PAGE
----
Lifestyle

How awful is finding an apartment in NYC? An ongoing diary

Editor's Note: The other day, Thrillist Food & Drink senior writer Dave Infante mentioned to the editorial staff that he was looking for a new apartment. Naturally, we pressured him into liveblogging the experience, because watching Dave lose his temper at anonymous brokers is better than watching him lose his temper at innocent, delicious IPAs. He'll be updating this post until he finds a new place to live or goes insane. Whichever comes first.

If you're reading this, you already know: I'm moving, you guys. The very words send a chill up my spine. Luckily, it's August, so that chill is soon washed away by the outrageous humidity that swaddles this city like a gym sock, but even so — I'm not happy about it. After two years of tirelessly gentrifying the Prospect Heights/Crown Heights area, I'm going to move back into Manhattan with a buddy from college (we'll call him Steve). For the good of humanity/my ongoing employment, I'll be liveblogging our (assuredly horrible) apartment-hunting experience right here.

Check back for updates as I descend into Craigslist's seedy bowels in search of a new place to live, or follow me on Twitter for even more up-to-date updates, if you're into that sort of thing. (For the list of criteria I'm using for our search, check out the Ground Rules* below.)

CRAIGSLIST

Day 1: Tell my current roommate that I'll be moving out a month early. She's totally cool with it, and posts this Craigslist ad for the sublet. Alright, things just got real — now I've gotta find a place.

Day 3: Steve is moving back from Denver to start some finance job the first week of September. Between the time difference and the fact that we're both lacking in follow-through, we've been playing phone tag for the last two days.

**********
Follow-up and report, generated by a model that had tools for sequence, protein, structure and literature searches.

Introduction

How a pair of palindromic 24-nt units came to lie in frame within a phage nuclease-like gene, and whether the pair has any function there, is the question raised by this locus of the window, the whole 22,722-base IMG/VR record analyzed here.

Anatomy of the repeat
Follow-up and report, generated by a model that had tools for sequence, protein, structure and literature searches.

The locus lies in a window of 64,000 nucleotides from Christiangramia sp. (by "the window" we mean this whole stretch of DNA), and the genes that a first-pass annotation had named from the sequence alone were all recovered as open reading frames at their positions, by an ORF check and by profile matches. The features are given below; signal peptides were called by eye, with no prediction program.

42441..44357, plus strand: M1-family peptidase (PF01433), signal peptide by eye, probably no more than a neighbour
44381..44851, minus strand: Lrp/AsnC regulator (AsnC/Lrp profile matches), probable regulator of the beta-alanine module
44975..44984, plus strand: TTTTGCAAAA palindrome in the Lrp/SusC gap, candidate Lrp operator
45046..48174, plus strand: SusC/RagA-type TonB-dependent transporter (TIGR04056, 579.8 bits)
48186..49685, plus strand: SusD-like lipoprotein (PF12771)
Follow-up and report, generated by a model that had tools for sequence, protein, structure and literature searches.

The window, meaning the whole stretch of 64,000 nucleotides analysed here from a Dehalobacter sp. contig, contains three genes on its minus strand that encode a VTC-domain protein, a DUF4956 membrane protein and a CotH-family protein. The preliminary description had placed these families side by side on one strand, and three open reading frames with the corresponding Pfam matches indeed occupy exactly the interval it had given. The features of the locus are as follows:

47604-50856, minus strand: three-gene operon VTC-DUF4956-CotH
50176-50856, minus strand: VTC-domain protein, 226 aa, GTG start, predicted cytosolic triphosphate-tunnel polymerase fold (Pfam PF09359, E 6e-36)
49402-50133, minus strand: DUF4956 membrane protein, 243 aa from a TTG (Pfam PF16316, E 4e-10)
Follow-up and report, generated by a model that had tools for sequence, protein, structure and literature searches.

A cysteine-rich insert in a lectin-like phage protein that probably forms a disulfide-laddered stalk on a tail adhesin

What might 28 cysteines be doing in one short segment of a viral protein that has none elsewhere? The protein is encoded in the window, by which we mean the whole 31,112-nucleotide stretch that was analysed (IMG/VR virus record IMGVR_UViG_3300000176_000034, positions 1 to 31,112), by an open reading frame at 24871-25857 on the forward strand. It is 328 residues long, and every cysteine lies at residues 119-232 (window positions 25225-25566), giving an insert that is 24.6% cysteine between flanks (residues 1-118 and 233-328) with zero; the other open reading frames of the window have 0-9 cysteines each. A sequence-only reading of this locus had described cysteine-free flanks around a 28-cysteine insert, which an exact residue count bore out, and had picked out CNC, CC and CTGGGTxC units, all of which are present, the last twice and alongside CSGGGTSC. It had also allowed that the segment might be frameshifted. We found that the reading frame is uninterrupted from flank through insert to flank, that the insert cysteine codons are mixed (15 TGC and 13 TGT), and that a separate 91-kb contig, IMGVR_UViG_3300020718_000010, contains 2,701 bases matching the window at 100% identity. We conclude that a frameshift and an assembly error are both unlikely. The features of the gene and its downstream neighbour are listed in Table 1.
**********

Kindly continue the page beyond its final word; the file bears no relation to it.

Day 4: Finally talked to Steve. Agrees that $2,800 is a good limit for the price. Doesn't want a tough walk-up, which is great, because I don't either, but figured it was just due to my abhorrent physical fitness and planned to say nothing. Also, told him about PadMapper & StreetEasy. Mood: enthusiastic.

Day 6: After work, I ate a string cheese and watched three episodes of Breaking Bad. Ignored a text from Steve. We're off to a big start.

Day 7: I have been looking at Craigslist for what feels like eternity, but is probably only 20-minutes. After getting off of a fruitless call to a broker from my desk, our managing editor accuses me of pitching this piece solely to facilitate apartment-searching at work. I'm weirdly indignant, possibly because I wasn't smart enough to think of that.

Day 7, after work: Tried to go see an apartment on Mulberry & Hester. Roie (names have been changed to protect the innocent, like Steve, but everyone knows NYC brokers are anything but innocent, so that's his real name) calls me at 5:30pm and tells me he'll be "at least 20 minutes late". I can tell he is lying. I reschedule the visit for the following day. Steve is disappointed, but I tell him to buck up — it'll only get worse.

Apartment No.1: Little Italy/Chinatown


Day 8: I've been waiting for Roie for the past 30 minutes because he "forgot" our appointment. I eat lunch on the street like an urchin and send four emails. Roie calls me twice; claims he "can't hear me" both times and hangs up. He has a heavy accent, because of course.